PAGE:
"The biggest hindrance to selling a company right now is that the credit markets have almost completely shut down the process," says Andrew Cagnetta, president of Transworld Business Brokers in Fort Lauderdale, Florida. "Buyers and sellers have had to go back to the basics." For most brokers and buyers, that means setting aside amorphous notions of synergy and focusing on the bottom line. "The No. 1 question I get from people today is, 'How much money does it make? How much money can I put in my pocket today?' " says Jerry Tsai, a broker at Murphy Business & Financial in Sacramento.
It also means taking extra steps to manage risk. Julie Gordon White, principal of BlueKey Business Brokerage M&A in Point Richmond, California, is warning all her clients to take a harder-than-usual look at customer risk. Gordon White, who advises buyers and sellers of companies with revenue of less than $20 million, tends to be wary of any business in which the five largest customers contribute more than 25 percent of sales. "These days, you have to look at the customer concentration," she says. "What are you going to do when one of those customers goes away?"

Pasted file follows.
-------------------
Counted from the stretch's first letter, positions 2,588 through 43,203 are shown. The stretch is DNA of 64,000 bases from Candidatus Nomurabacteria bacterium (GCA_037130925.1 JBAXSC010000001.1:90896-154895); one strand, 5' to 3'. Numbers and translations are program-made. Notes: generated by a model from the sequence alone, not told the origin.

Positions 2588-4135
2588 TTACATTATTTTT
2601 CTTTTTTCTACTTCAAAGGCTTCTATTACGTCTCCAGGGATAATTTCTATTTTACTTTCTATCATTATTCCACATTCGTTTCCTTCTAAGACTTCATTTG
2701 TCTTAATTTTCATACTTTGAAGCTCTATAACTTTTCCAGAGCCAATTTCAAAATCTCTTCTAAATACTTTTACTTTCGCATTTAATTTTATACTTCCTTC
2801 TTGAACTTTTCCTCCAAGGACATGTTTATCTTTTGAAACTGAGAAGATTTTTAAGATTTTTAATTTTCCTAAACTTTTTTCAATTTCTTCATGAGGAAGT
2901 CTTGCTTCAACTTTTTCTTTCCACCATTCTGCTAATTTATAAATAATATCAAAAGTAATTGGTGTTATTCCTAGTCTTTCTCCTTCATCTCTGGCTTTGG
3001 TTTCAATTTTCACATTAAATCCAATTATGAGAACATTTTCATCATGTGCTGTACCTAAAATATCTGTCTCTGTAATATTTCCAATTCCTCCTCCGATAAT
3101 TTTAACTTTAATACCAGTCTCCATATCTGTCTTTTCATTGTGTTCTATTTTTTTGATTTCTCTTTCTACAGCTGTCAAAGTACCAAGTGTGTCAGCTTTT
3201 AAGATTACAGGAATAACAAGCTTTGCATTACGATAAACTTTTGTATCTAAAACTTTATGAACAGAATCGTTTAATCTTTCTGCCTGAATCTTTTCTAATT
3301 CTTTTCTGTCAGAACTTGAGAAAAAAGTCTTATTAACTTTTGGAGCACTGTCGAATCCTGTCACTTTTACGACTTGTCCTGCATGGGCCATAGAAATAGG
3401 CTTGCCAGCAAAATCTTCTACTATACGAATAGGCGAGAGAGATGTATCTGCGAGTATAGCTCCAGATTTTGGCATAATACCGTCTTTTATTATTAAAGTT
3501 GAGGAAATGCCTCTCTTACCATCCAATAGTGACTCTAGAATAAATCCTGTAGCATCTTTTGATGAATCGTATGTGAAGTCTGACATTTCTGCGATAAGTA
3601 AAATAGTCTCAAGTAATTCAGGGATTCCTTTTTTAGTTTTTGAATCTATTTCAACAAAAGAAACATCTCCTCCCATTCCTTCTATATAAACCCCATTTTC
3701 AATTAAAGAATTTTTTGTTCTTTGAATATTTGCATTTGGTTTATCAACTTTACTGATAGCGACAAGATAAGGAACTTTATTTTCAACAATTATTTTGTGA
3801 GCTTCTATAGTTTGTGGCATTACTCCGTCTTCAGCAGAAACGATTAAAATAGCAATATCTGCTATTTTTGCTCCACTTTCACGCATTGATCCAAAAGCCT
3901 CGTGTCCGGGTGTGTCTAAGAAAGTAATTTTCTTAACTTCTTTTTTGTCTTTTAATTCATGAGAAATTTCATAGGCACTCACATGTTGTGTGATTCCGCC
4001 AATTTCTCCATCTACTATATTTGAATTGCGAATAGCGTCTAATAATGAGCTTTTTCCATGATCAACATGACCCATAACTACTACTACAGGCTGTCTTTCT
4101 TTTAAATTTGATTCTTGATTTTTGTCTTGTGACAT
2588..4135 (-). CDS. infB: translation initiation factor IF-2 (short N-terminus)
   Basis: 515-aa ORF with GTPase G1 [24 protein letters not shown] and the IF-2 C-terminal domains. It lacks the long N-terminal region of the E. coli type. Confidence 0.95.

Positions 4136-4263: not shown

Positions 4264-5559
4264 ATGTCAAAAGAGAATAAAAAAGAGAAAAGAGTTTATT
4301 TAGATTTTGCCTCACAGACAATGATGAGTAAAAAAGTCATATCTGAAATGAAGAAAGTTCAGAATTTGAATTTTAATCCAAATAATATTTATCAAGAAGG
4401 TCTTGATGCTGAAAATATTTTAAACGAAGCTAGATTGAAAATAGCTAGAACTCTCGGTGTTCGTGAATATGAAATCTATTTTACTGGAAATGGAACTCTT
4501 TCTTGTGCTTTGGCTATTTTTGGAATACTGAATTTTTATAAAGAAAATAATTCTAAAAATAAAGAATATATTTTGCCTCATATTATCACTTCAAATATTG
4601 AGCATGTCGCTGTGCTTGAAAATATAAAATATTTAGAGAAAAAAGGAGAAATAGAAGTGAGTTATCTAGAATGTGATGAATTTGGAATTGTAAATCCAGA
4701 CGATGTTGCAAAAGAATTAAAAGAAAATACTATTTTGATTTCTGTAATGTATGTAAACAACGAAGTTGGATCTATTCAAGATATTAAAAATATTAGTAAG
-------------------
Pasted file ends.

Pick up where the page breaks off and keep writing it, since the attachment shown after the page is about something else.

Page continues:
Still, plenty of people are inclined to roll the dice. Over the past 18 months, for example, Steve Lipscomb, founder and CEO of the World Poker Tour, has seen the value of some companies fall as much as 50 percent to 75 percent. No surprise, then, that Lipscomb is eyeing the market carefully. WPT Enterprises, the publicly traded parent of the poker tour, lost $14 million in 2008. But the company is fortunate enough to have stowed away some cash, and Lipscomb has been seeing opportunity everywhere. Indeed, the buying opportunities are so attractive that Lipscomb is considering investments outside the entertainment area, in industries as far afield as green technology. "The capital markets have changed," says Lipscomb. "For investors, small, profitable companies are going to prove to be a good alternative to the stock market. There are an awful lot of great companies out there that just need a partner to help them weather the storm."